Spike Lee, heretofore the most subversive director in American cinema, has gone mainstream. His new heist film, “Inside Man,” is a major studio picture produced by Universal’s Brian Grazer (“The Cat in the Hat”), and features a cherry-picked batch of Hollywood’s top stars. Perhaps due to the many egos involved, this “joint” goes through a strange succession of styles (police film, political piece, racial comedy) as these conflicting interests play out on the screen. Fortunately, the plot is brisk enough to keep “Inside Man” from unraveling.

Perpetrating a new spin on the familiar celluloid bank robbery, Lee loosens up enough to have some fun. Some of signature Spike remains — the clash of races and cultures in the Big City surfaces as a major theme — but “Inside Man” focuses on suspense rather than politics. Don’t expect anything more than a breezy spring release: this is about making some bank, not great film making.

Set in New York, Spike Lee’s home base, “Inside Man” chronicles the robbery of the main branch of Manhattan Trust and the political jockeying surrounding it. After Dalton Russell (Clive Owen at his most laconic), enters the bank with three partners and takes hostages, the NYPD are called in to stake out the front of the building. Detective Keith Frazier (Denzel Washington), smarting from a previous failure and looking for promotion, is put in charge. Despite little experience in a hostage situation, Frazier improvises his way through several hard calls using tried-and-true police instincts. Attempting to decode Russell’s strange thieving tactics, he is also forced to synchronize with Police Captain John Darius (Willem Dafoe) and address the demands of a mysterious “power broker” (Jodie Foster), sent by bank owner Arthur Case (Christopher Plummer). The forces behind Russell’s robbery, of course, remain hidden until the very end.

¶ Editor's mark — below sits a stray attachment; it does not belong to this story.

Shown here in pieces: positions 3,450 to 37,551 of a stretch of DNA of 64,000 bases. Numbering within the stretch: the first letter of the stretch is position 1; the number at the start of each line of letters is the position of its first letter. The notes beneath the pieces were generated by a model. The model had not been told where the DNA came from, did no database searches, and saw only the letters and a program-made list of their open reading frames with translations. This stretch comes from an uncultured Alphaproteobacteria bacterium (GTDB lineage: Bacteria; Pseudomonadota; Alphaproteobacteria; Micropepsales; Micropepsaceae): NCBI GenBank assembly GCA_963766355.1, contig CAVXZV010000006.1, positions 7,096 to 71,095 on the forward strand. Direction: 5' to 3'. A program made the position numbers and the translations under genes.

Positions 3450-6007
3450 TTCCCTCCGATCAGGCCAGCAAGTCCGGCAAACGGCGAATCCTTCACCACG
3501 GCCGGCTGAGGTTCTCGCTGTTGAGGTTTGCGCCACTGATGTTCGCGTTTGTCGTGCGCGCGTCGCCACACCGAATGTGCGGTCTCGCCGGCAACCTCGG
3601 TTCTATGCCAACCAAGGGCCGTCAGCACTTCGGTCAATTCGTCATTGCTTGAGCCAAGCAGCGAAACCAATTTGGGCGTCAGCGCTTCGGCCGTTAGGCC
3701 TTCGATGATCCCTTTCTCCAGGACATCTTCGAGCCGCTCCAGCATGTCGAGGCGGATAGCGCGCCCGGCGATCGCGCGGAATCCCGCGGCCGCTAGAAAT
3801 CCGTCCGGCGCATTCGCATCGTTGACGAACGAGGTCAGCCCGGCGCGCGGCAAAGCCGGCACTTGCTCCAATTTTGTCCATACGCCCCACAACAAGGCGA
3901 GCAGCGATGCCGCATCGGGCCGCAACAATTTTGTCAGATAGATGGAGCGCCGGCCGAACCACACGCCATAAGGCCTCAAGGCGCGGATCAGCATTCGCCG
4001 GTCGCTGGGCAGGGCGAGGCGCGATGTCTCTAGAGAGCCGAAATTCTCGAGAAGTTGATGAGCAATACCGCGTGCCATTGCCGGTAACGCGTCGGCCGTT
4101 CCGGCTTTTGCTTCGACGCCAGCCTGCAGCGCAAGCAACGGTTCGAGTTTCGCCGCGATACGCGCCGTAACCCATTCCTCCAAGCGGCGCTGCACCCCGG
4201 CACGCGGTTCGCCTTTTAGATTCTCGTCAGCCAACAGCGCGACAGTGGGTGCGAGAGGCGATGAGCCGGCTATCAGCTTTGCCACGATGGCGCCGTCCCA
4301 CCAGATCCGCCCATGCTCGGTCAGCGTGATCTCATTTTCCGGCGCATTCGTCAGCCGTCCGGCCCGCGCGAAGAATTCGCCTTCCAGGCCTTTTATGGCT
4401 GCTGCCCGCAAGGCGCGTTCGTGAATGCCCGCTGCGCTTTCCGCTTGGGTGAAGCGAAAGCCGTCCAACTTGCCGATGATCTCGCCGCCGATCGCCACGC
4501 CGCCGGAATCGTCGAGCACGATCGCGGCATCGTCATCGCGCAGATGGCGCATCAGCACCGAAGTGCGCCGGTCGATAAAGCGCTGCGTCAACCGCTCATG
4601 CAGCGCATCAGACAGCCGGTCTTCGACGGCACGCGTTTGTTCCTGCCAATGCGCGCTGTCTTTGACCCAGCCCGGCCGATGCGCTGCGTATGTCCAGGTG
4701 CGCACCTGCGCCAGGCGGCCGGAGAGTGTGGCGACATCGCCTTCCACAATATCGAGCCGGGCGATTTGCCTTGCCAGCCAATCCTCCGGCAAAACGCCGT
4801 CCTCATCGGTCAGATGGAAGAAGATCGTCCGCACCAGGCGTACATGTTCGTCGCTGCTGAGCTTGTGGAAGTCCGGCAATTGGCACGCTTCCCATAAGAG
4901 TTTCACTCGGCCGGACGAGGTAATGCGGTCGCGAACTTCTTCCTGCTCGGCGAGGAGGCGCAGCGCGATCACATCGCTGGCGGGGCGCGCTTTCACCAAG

Lee controls the suspense perfectly, putting the pieces of the plot together with a deft touch. Both bad guy Russell and good guy Frazier are likeable, and the game of cat and mouse between the two is engaging and intelligent. Jodie Foster’s character Madeline is a welcome addition to this traditional duality. Manipulative and enigmatic, she plays both sides with a Cheshire smile.

Of course, “Inside Man,” is, at its heart, a blockbuster melodrama. The actors collectively, with the exception of Denzel Washington and Jodie Foster, overplay their roles with glee. Christopher Plummer especially does a fine turn as the innocent (until proven guilty) bank owner Arthur Case, whose sniveling scheming wouldn’t be out of place in “As the World Turns.”

The storyline is all in good fun, but Lee’s insistent and patronizing racial messages sometimes spoil the mood. Many scenes are irrelevant to the plot, instead pursuing unrealistic and superfluous comic interactions between ethnic robbers, cops and citizens. The idea to humorously explore the clash of the many multi-ethnic peoples of New York is a good one, and one pulled off by Lee successfully before. Unfortunately, the writing here isn’t able to achieve the intricacy required to make these vignettes work.

Writer Russell Gewirtz — lucky enough to sell “Inside Man,” his first script, to Universal — pens a screenplay that is plot heavy, but dialog dumb. His attempts to replicate the stylized quips of a 30s comedy are clumsy, and frequently make the film seem like parody. Racial themes are similarly heavy-handed. Lee’s superb “Do the Right Thing” depended on the realism of its dialogue to capture racial divides in New York. But here, rather than cleverly transcending stereotypes, Gewirtz simply overdoes them. “Inside Man” is almost typecast, perpetuating racial stereotypes rather than realistically illustrating them. That said, some of the scenes hit the right balance between irony and truth, eliciting a nervous humor typical of Lee’s best films.

Ultimately, “Inside Man” is nothing new, even for Spike Lee. The film’s style, mostly made up of dizzying 360 degree camera spins, is borrowed directly from Lee’s previous film “25th Hour.” Gone are the bright colors and eerie lenses of that earlier work — “Inside Man” comes veneered with the sterile polish of big-budget Hollywood.

Spike sleepwalks through this exercise, hopefully to rise another day.